What is AIDS? HIV?
While it's almost certain that you've heard quite a bit about AIDS in the past several years, it's still possible that you don't have a full understanding of the term HIV. HIV and AIDS are closely related, and if you understand HIV infection, you can better understand AIDS.
What is Aids?
AIDS stands for acquired immunodeficiency syndrome, a disease in which the body's immune system breaks down. Normally, the immune system fights off infections and certain other diseases. When the system fails, a person with AIDS can develop a variety of life-threatening illnesses.
AIDS is caused by HIV
AIDS is caused by a virus called the human immunodeficiency virus, or HIV. A virus is one of the smallest "germs" that can cause disease. If you have unprotected sex (sexual intercourse without the consistent and correct use of condoms or share needles or syringes with an infected person, you may become infected with HIV. Specific blood tests can show evidence of HIV infection. You can be infected with HIV and have no symptoms at all. You might feel perfectly healthy, but if you're infected, you can pass the virus to anyone with whom you have unprotected sex or share needles or syringes.
Will you get Aids if you are infected with HIV?
About half of the people infected with HIV develop AIDS within 10 years, but the time between infection with HIV and the onset of AIDS can vary greatly. The severity of the HIV-related illness or illnesses will differ from person to person, according to many factors, including the overall health of the individual.
Today there are promising medical treatments that can postpone many of the illnesses associated with AIDS. This is a step in the right direction, and scientists are becoming optimistic that HIV infection will someday be controllable. In the meantime, people who get medical care to monitor and treat their HIV infection can carry on with their lives, including their jobs, for longer than ever before.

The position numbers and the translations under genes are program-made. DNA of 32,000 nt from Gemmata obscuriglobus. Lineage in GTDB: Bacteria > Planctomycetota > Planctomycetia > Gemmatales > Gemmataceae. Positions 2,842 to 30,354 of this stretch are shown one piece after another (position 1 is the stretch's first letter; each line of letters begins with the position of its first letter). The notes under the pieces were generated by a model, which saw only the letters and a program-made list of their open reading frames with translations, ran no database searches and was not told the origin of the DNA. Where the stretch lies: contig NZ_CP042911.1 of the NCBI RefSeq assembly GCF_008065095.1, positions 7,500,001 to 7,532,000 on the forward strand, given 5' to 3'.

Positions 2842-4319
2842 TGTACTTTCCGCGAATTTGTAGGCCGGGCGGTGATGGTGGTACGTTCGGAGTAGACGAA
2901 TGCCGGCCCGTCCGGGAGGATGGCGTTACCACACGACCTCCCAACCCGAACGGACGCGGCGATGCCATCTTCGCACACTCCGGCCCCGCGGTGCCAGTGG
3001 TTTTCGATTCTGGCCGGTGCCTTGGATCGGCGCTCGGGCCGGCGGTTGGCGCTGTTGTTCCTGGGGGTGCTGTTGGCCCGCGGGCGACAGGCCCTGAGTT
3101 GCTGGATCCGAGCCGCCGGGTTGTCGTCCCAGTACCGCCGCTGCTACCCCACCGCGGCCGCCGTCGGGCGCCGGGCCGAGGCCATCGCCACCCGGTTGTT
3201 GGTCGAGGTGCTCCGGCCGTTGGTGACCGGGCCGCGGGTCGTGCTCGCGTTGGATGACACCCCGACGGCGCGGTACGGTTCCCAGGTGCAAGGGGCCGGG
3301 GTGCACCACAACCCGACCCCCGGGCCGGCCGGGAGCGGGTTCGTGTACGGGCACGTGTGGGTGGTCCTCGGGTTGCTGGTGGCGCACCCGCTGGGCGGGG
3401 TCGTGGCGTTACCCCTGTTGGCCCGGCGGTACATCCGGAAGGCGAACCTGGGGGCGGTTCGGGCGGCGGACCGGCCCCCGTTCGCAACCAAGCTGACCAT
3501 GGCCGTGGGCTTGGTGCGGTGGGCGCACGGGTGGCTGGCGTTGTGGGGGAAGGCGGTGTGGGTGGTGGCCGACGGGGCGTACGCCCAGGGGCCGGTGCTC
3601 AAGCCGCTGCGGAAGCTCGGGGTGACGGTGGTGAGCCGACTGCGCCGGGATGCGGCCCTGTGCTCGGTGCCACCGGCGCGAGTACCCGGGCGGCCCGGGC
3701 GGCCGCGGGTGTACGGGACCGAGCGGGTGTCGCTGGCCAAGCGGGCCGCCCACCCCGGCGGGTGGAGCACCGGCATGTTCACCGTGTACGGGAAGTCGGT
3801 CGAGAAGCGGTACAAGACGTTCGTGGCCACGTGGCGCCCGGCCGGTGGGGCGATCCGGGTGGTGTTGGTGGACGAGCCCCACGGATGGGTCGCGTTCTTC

Having unprotected sexual intercourse - anal, vaginal, or oral - with an infected person.
Sharing drug needles or syringes with an infected person.
Women infected with HIV can pass the virus to their babies during pregnancy or during birth. They can also pass it on when breast-feeding. Some people have become infected by receiving blood transfusions. Since 1985, however, when careful screening and laboratory testing of all blood donations began, this possibility has been greatly reduced.
You cannot be infected by giving blood at a blood bank.
HIV is sexually transmitted, and HIV is not the only infection that is passed through intimate sexual contact. Other sexually transmitted diseases (STDs), such as gonorrhea, syphilis, herpes, and chlamydia, can also be contracted through anal, vaginal, and oral intercourse. If you have on of these STDs and engage in sexual behaviors that can transmit HIV, you are at greater risk of getting infected with HIV.
HIV may be in an infected person's blood, semen, or vaginal secretions. HIV can enter the body through cuts or sores in the skin. HIV can also enter the body through the moist lining of the vagina, penis, rectum, or even the mouth, in which case cuts and sores in these areas greatly increase the risk of infection. Some of these cuts or sores are so small you may not even know they're there. Anal intercourse with an infected person is one of the ways HIV has been most frequently transmitted. Other forms of sexual intercourse, including oral sex, can spread it as well. During oral sex, a person who takes semen, blood, or vaginal secretions into their mouth is at risk of becoming infected.
Many infected people have no symptoms and have not been tested. If you have unprotected sex with one of them, you put yourself in danger. Also, the more sex partners you have, the greater your chances of encountering one or more who are infected and of becoming infected yourself. The only sure way to avoid infection through sex is to abstain from sexual intercourse or engage in sexual intercourse only with someone who is not infected and only has sex with you. Latex condoms have been shown to prevent HIV infection and other sexually transmitted diseases. But you have to use condoms correctly every time you have sex - vaginal, anal, or oral. condoms made of plastics such as polyurethane should also be highly effective. condoms made of lambskin, however, do not offer good protection.
You can get HIV from sharing needles.
Sharing needles or syringes with an infected person, even once, is very risky. Many people have become infected with HIV and other germs this way. HIV from an infected person can remain in a needle or syringe and then be injected directly into the body of the next person who uses it. Sharing needles to inject drugs is the most dangerous form of needle sharing.
Sharing needles for other purposes may also transmit HIV and other germs. These types of needles include those used to inject steroids or vitamins and those used for tattooing or ear-piercing.
If you plan to have your ears pierced or get a tattoo, make sure you go to a qualified person who uses brand-new or sterile equipment. Don't be shy about asking questions. Responsible technicians will explain the safety measures they follow.